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Originally published March 30, 2008 at 12:00 AM | Page modified March 31, 2008 at 2:43 PM


The Seattle Jewish Film Festival has a lot more than films

The Seattle Jewish Film Festival's 13th-anniversary "Bar Mitzvah Bash" features an expanded 10 days of programming (up from eight in 2007...

Seattle Times movie critic

Film festival preview

Seattle Jewish Film Festival

Thursday through April 13, at Cinerama (2100 Fourth Ave., Seattle) and Museum of History & Industry (2700 24th Ave. E., Seattle). Tickets are $10 ($7 students/seniors/youth), full festival pass $250, flex pass (8 films and brunch) $85; available at or 1-800-838-3006. For more information, see

The Seattle Jewish Film Festival's 13th-anniversary "Bar Mitzvah Bash," presented by American Jewish Committee, features an expanded 10 days of programming (up from eight in 2007) and 31 feature, documentary and short films. Many of the films involve coming-of-age or bar/bat mitzvah themes — and, in a nice touch, 2007/2008 bar/bat mitzvah teens (with a letter from their rabbi/teacher or a copy of their invitation) get in free.

The British comedy "Sixty Six" opens the festival Thursday night at Cinerama, followed by a party at the Palace Ballroom featuring a video DJ, dancing, hors d'oeuvres and a celebratory cake. Directed by Paul Weiland, "Sixty Six" is a sweetly funny film for all ages, about a British 12-year-old named Bernie who looks forward to his special day — it will be, he hopes "the 'Gone with the Wind' of bar mitzvahs" — only to realize to his horror that it's taking place on the day England plays in the 1966 World Cup final. Helena Bonham Carter and Stephen Rea star; newcomer Gregg Sulkin plays the central character. Tickets are $50 for the party and film, $25 for film only.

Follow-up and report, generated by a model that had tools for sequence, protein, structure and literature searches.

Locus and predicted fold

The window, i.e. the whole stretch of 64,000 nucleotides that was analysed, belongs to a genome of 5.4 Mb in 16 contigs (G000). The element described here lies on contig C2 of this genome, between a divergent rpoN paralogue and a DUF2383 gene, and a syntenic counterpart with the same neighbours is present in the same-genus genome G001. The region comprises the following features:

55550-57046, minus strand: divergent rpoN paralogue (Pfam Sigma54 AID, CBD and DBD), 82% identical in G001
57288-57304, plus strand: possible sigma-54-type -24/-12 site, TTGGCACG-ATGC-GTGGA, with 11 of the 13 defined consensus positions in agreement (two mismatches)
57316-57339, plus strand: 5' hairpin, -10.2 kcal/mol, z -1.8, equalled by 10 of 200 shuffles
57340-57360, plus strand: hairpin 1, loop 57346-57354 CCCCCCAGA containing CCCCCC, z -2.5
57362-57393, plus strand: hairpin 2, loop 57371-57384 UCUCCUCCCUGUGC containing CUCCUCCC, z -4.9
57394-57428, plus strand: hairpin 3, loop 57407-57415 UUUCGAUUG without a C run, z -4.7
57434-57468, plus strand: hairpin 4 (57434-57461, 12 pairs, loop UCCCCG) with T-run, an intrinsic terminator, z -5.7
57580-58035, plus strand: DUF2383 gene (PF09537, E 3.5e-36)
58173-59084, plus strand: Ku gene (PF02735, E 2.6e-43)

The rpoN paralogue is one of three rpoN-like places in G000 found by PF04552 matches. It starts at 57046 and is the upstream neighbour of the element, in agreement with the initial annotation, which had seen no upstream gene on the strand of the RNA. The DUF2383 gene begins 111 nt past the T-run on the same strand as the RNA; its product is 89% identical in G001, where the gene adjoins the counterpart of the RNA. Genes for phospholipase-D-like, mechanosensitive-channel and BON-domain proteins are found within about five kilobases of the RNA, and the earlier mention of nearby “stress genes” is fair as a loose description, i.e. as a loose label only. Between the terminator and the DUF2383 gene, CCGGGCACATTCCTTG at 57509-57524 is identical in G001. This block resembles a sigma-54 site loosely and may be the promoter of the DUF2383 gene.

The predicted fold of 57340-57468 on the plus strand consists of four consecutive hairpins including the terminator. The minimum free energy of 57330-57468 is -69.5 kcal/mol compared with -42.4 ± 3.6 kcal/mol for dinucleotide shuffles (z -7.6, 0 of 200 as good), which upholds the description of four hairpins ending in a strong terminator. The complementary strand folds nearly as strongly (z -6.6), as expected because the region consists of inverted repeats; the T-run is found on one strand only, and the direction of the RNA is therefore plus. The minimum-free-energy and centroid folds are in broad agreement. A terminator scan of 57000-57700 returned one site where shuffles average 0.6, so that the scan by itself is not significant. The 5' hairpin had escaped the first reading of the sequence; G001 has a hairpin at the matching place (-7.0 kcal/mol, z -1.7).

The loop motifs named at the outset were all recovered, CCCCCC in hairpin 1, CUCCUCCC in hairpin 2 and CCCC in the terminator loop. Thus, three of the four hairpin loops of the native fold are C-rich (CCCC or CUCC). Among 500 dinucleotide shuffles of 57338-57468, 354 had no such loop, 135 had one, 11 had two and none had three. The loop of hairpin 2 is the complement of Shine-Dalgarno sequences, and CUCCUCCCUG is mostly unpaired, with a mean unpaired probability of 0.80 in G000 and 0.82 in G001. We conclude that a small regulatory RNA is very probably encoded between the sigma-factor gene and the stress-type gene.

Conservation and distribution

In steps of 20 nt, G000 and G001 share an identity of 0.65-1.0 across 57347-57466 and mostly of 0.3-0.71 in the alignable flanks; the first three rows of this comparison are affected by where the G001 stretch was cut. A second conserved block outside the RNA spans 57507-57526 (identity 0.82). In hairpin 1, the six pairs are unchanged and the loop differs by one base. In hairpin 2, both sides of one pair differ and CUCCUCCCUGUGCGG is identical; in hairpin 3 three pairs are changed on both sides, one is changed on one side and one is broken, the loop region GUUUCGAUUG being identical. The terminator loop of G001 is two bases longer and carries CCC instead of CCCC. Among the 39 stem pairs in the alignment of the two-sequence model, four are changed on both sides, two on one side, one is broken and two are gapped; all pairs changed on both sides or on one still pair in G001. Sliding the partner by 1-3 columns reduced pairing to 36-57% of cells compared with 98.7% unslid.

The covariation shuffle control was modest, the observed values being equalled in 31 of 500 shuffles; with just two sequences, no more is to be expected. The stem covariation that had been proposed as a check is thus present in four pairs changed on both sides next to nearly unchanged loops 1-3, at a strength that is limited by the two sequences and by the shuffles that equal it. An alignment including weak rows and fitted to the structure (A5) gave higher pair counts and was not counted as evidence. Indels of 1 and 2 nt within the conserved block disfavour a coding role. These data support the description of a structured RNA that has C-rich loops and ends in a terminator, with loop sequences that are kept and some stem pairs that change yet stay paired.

Comedian Judy Gold will visit the festival and perform a stand-up comedy set before the April 13 screening of "Making Trouble," an engaging documentary about Jewish female comics. Molly Picon, Fanny Brice, Sophie Tucker, Joan Rivers, Gilda Radner and Wendy Wasserstein are profiled in the film. Tickets for this special event, called "Stand-up for Jewish Women," are $25.

Among the festival's other special events are a concert by Israeli folk/rock musician Geva Alon (April 10); a slide-show presentation of the historic Israeli images of photographer Burt Glinn (April 8); a Sunday brunch and screening of the Germany coming-of-age film "Max Minsky and Me" (April 6; suitable for ages 9 and up); two panel discussions on Israel; several visiting filmmakers; and a free screening for seniors of the comedy "Keeping Up with the Steins" at the Stroum Jewish Community Center (April 10).

And the festival includes a wider-than-ever selection of prestigious Israeli films this year, including "Jellyfish" (April 12), a prizewinner at the Cannes Film Festival; "Sweet Mud" (April 5), a Sundance winner; and the war drama "Beaufort" (April 10), a foreign-language Oscar nominee earlier this year. For a full schedule and more information about any of the films, see

Moira Macdonald: 206-464-2725 or

Copyright © 2008 The Seattle Times Company

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